Here’s how you can certify your garden as wildlife-friendly

garden wildlife-friendly Photo by Mark Herreid/Shutterstock.

You might be tempted to uproot the milkweed scattered on your property in favour of a more colorful, foreign specimen, but this could spell disaster for native species such as Monarch butterflies.

How you shape the landscape at your cottage can have serious ramifications on wildlife, including erosion and displacement of native species says Melissa Lefebvre, education program manager with the Canadian Wildlife Federation. 

This is why the CWF has created the Garden Habitat Certification program, which recognizes Canadians who are making their gardens wildlife-friendly in an effort to reduce local wildlife habitat loss.

“You want to start thinking about what your property line may look like, if you’re living right on a body of water,” she explained.

“Consider adding vegetation between the grass and the water. This can really help to improve the water quality and also provide spaces for wildlife to breed, live, eat, and have shelter.”

Before you get discouraged that it will require a lot of money to get your garden up to snuff, all you need to do is meet simple criteria.

In order to apply for certification, you must have one or more sources of water, food, and shelter in your garden, and use earth-friendly gardening practices to maintain it.

An easy way to achieve this is by planting native plants that support local species.

“The gold standard would be to have regionally native plants—these are plants that have co-evolved with wildlife,” she said.

For example, adding flowering plants provides nectar and pollen to pollinators and other useful insects.

“If you want to help butterflies out during the larval stage, milkweed is a really popular choice right now in order to help Monarch butterflies,” she says.

Below is a map of the gardens certified by CWF across Canada.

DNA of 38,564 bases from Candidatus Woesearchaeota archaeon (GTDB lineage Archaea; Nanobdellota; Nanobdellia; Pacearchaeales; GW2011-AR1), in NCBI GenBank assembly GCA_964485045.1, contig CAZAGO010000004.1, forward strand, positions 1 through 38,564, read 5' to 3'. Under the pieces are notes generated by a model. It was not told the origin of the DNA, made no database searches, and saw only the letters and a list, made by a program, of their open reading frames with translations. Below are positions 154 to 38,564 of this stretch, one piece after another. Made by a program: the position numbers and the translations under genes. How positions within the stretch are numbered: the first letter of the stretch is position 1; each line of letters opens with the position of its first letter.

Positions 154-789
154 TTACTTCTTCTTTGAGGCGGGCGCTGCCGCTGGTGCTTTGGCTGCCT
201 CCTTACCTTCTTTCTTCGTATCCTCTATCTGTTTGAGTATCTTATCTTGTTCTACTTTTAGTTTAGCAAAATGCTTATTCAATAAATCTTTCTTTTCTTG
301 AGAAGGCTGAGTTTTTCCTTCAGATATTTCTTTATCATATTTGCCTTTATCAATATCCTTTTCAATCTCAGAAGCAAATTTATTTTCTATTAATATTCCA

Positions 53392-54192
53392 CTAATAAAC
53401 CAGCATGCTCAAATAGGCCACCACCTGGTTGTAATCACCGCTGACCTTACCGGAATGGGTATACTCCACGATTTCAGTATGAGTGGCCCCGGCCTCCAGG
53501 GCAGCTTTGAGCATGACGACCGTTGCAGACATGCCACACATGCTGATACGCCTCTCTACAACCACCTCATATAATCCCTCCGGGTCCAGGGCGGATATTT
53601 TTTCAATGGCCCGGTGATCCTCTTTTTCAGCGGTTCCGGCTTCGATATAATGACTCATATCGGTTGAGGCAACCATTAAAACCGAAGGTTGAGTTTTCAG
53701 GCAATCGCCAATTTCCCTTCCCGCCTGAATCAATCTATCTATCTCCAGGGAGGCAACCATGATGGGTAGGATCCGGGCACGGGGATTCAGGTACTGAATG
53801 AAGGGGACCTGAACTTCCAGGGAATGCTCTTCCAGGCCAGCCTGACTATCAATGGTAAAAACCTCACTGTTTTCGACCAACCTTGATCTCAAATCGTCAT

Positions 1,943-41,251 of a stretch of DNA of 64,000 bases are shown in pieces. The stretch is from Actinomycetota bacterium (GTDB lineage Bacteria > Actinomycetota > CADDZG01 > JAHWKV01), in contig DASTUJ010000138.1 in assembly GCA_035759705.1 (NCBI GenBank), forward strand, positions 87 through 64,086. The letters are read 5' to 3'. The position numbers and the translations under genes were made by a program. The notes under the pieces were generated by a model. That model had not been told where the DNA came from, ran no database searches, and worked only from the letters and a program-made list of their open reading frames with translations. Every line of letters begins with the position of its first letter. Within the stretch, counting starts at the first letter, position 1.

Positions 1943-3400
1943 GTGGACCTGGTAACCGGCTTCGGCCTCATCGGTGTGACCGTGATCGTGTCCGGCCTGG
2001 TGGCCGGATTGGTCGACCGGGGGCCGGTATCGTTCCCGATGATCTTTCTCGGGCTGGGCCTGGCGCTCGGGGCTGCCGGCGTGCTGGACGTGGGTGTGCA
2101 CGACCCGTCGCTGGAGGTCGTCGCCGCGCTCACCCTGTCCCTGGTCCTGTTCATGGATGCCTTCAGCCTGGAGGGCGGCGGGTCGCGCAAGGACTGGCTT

Here are some do’s and don’ts to consider before planting to make your garden as wildlife-friendly as possible.


  • Using synthetic pesticides and fertilizers
  • Choosing invasive plants that displace natural ecosystems such as Yellow flag Iris, Purple Flowering Rush, Butterfly Bush, and Japanese Honeysuckle. (For more information on which plant species to avoid and what to grow instead, CWF advises you to consult your provincial invasive plant species council).
  • Heavily-cultivated plants (such as roses or columbines with double/triple blooms) that do not provide access to nectar and pollen for pollinators.


  • Choose native plants that best meet the needs of local wildlife. If you’re unsure of what native plants to choose, the CWF has an online native plant encyclopedia to get you started.
  • As native plants are often difficult to find at garden centres, you can find a list of native plant suppliers from across Canada on their website by clicking here.

Here are some examples of native plants that are suitable for a cottage located near water.

Trees and shrubs:

  • Cedars
  • Maples
  • Willows
  • White Pine
  • White Spruce
  • Balsam Poplar
  • Black Cottonwood
  • Narrow-leaved Meadowsweet
  • Pacific Ninebark
  • Red Osier Dogwood
  • Serviceberries
  • Speckled Alder
  • Steeplebush
  • Sweet Gale

Herbaceous plants:

  • Cardinal flower
  • Asters
  • Inland Sedge
  • Lady Fern
  • Sensitive Fern
  • Marsh Marigold
  • Spotted Joe-Pye Weed
  • Wild Columbine

Aquatic plants:

  • Blue Flag Iris
  • Common Cattail
  • Floating Arrowhead
  • Flat-leaved Bladderwort
  • Pickerelweed
  • Pondweeds
  • Water Horsetail
  • Swamp Candle
  • Yellow Pond Lily

5 scenarios that could happen at the cottage and what to do about them

Feature Video